Katy Farina: Free Comic Book Day gives everyone a chance to take a look at what publishers and artists are putting out there right now! Comics can be an expensive hobby, so it's great that people get a chance to see what kind of stories might interest them without having to invest a lot of money right away. All of us love putting comics into as many hands as possible, and Free Comic Book Day is the best way to make that happen!

Why do you think local comic shops are important to the comic book community?

Zac Gorman:
Comic stores are important because, much like the Fire Department, the Police Department, or any other municipal public service, they show us our tax dollars hard at work. Before comic stores, comics would just litter the gutters. In New York, before comic stores, some summers it'd get so bad that old back issues would spontaneously combust.
CJ Cannon: They create a sense of community for like-minded individuals and allow people to more easily find ways to interact with people they'd normally not have access to. The few signings I've done have always been pleasant, because people seem reassured that I'm an anxiety ridden yet vocal klutz just like them. WE'RE ALL NERDS HERE. But seriously, it's really nice to know we're just a bunch of awkwardly existing hominids who have a love for something in common.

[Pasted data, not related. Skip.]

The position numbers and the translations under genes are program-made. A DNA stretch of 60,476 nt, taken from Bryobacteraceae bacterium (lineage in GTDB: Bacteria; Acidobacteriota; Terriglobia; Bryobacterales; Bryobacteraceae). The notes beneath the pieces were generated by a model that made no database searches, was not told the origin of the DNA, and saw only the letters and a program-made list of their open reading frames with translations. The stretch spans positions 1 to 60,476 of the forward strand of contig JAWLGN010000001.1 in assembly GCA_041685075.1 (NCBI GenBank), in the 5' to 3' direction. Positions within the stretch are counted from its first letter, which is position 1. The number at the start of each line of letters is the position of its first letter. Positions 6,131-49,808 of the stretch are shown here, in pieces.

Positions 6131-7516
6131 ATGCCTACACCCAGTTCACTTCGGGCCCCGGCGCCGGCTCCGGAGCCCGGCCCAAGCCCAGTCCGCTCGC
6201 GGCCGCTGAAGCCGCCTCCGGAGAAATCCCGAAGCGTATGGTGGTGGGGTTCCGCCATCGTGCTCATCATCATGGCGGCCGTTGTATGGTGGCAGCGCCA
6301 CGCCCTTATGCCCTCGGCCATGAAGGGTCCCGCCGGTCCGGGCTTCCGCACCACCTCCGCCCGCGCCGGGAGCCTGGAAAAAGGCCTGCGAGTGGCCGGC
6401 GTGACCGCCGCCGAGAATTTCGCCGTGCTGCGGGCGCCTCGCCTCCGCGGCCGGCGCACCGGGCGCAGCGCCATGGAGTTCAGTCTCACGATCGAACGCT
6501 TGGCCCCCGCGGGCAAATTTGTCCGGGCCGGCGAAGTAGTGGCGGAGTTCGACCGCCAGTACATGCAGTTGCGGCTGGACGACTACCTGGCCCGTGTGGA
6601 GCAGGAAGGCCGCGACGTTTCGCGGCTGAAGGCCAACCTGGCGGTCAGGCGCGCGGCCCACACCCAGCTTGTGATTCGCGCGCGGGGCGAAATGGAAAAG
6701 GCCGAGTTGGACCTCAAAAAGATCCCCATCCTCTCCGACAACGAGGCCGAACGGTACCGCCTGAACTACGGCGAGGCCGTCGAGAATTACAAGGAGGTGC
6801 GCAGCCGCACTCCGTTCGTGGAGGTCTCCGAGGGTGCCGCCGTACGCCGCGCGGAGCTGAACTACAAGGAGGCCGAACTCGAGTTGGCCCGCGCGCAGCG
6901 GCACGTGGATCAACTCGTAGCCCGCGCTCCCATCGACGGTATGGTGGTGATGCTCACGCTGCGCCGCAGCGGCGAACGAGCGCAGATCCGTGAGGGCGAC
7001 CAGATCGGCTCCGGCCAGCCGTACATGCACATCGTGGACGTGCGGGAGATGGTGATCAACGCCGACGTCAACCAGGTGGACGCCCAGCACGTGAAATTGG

Ryan Hill: No local shops, no comics. So that’s pretty important I’d say.
Tini Howard: No one at a Big Box Retailer is going to listen to your nuanced tastes and recommend you a book. No one at a Big Box Retailer is going to talk to you on Wednesdays like they do at your favorite bar. I don't want to shame anyone for where they get their comics, but your local booksellers are small businesses, and if you didn't know there WAS a comic book community—that's where they happen.
Marc Ellerby: This may sound a little hippy-dippy but they bring people together. Once or twice a week every week for a year people go to shops to pick up their orders and you can't beat the interaction of talking face to face with fellow readers and workers, it's a like minded place for people to go.
Katy Farina: FCBD pulls business into local comic/hobby shops, and those places are the best! Local shops help foster communities and create events that put local fans in contact with local professionals. Every local comic shop is there to put comics into your hands. If you're not sure what kind of comics you might be interested in, checking out your LCS and talking to the people there is definitely the best! Comic shops are the connection between the industry and you, the readers and fans—make sure you support them as often as you can!

Where do you plan to spend Free Comic Book Day 2017?

Zac Gorman:
Looking out the small window of my cell. Sometimes a bird lands there and I think it's a metaphor for freedom.
CJ Cannon:
Hopefully doing a signing!
Ryan Hill:
I’ll have just moved back to L.A., so I’m excited to try my first FCBD at Meltdown Comics.
Tini Howard:
I will be signing at Ultimate Comics in Raleigh, NC, with Katy Farina!
Marc Ellerby:
I will be signing copies of the Rick and Morty FCBD 2017 Edition at Gosh! Comics in London, UK.
Katy Farina:
This year I'll be at Ultimate Comics in Raleigh, NC, signing with Pocket Like You Stole It writer Tini Howard! I haven't been there before and I'm really looking forward to it! I also have to give a nod to my hometown shop, Heroes Aren't Hard To Find in Charlotte, NC. The staff there is awesome and fosters everyone's love of comics! I hope you get a chance to check out both these shops at some point, and I hope you have an awesome Free Comic Book Day!